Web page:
And that raises the possibility that what we’re seeing is the result of some soft Obama supporters backing away as the idea of an Obama victory has become more real. In effect, a small but significant slice of the electorate may be saying, "Hold on a second here–are we sure about this?"
There is a precedent for this kind of thinking in presidential politics. The most famous example came in the fall of 1976, when Gerald Ford battled his way back from a mammoth 33-point deficit against Jimmy Carter. Ford capped his methodical comeback the weekend before the election when polls showed him – for the first time in the entire campaign–pulling ahead of Carter. The prospect of Ford actually winning the election sparked some widespread second-guessing among his softest supporters. Hang on, they seemed to say, are we really going to give four more years to the guy who pardoned Nixon? After two months of steady gains, Ford’s support dropped that final weekend and Carter won the race by two points.
Something similar happened in 1980 with Ronald Reagan. Given his iconic status now, it’s hard to appreciate just how grave the public’s reservations were about Reagan’s ideology, temperament, and age, but Reagan couldn’t create and sustain a substantial lead in the polls against Carter for almost the entire fall of ’80–even though the political climate was absolutely poisonous for Carter. When Reagan would seem to pull ahead, the polls would quickly tighten, a pattern that prevailed until the final week of the campaign, when Reagan’s convincing and reassuring debate performance vaulted him into a clear lead that he didn’t relinquish.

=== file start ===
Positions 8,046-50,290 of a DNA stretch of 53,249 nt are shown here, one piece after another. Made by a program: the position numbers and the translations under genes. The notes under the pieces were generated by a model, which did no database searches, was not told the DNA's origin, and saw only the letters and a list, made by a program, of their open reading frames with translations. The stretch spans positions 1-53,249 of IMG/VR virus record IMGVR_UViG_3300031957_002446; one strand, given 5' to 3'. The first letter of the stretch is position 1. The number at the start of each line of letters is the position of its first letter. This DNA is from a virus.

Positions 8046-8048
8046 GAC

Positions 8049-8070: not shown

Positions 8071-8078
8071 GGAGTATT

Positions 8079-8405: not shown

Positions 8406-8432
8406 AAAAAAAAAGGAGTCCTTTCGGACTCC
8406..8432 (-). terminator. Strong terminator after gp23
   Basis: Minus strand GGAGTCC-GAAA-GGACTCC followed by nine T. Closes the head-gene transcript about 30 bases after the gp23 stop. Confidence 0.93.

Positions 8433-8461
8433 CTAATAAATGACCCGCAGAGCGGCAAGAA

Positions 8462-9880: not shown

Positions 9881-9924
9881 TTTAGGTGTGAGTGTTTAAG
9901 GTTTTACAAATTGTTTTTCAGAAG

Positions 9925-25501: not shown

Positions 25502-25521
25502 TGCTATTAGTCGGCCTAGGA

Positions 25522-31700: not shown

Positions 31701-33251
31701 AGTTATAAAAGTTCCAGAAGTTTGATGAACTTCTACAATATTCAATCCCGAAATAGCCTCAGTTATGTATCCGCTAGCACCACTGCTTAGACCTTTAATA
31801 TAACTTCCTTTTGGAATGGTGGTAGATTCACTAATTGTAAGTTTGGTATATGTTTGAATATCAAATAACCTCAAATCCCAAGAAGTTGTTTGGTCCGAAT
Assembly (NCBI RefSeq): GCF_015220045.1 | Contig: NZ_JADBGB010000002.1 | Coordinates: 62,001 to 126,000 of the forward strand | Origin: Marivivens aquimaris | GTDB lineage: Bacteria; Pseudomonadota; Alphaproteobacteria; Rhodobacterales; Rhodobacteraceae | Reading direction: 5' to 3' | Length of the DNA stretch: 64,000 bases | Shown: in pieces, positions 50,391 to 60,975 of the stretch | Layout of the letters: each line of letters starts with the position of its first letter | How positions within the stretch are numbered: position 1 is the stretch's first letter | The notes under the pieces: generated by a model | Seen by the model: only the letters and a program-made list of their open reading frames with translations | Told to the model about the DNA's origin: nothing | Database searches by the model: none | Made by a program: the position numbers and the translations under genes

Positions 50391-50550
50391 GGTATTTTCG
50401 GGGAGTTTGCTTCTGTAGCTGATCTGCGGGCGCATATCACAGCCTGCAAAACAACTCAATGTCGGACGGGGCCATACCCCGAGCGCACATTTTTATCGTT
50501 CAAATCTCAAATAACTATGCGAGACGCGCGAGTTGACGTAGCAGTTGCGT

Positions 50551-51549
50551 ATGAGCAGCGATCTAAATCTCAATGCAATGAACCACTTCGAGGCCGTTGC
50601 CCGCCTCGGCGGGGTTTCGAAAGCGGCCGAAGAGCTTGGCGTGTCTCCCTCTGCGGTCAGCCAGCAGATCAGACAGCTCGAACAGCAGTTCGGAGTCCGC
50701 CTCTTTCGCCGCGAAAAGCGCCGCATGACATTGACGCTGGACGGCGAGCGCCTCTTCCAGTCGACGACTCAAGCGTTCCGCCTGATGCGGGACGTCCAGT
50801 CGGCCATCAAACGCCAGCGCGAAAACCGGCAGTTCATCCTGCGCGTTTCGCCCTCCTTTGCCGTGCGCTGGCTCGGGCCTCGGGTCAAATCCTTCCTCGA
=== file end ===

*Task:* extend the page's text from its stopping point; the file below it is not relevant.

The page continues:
Obviously, it’s too early to tell whether something similar is at work this year. On paper, the Democratic candidate in 2008 should be running comfortably ahead of the Republican nominee. And maybe the next wave of polls will show Obama returning to the clear lead he enjoyed in June and early July and that will be that.
But it could also be that Obama, given his newness to the national scene and the doubts about his preparation and seasoning that his opponents have hammered away at, faces an extra burden when it comes to reassuring his softest supporters. The more real the possibility of an Obama presidency seems, the more these soft supporters will question their own instincts–and the more prone they’ll be prone to reconsider their allegiance when Obama faces the kind of press scrutiny he faced last week.
Trying to understand what truly motivates voters can be maddening, mainly because voters themselves don’t often attribute their choices to the emotional forces that shape and manipulate their reactions to candidates and events. But it’s not unheard of for the prospect of a candidate’s victory to cause a measurable chunk of voters to get cold feet. It happened to Gerald Ford and to Ronald Reagan and it’s happened in numerous state-level contests through the years. It looks like it’s something that Barack Obama has to deal with too.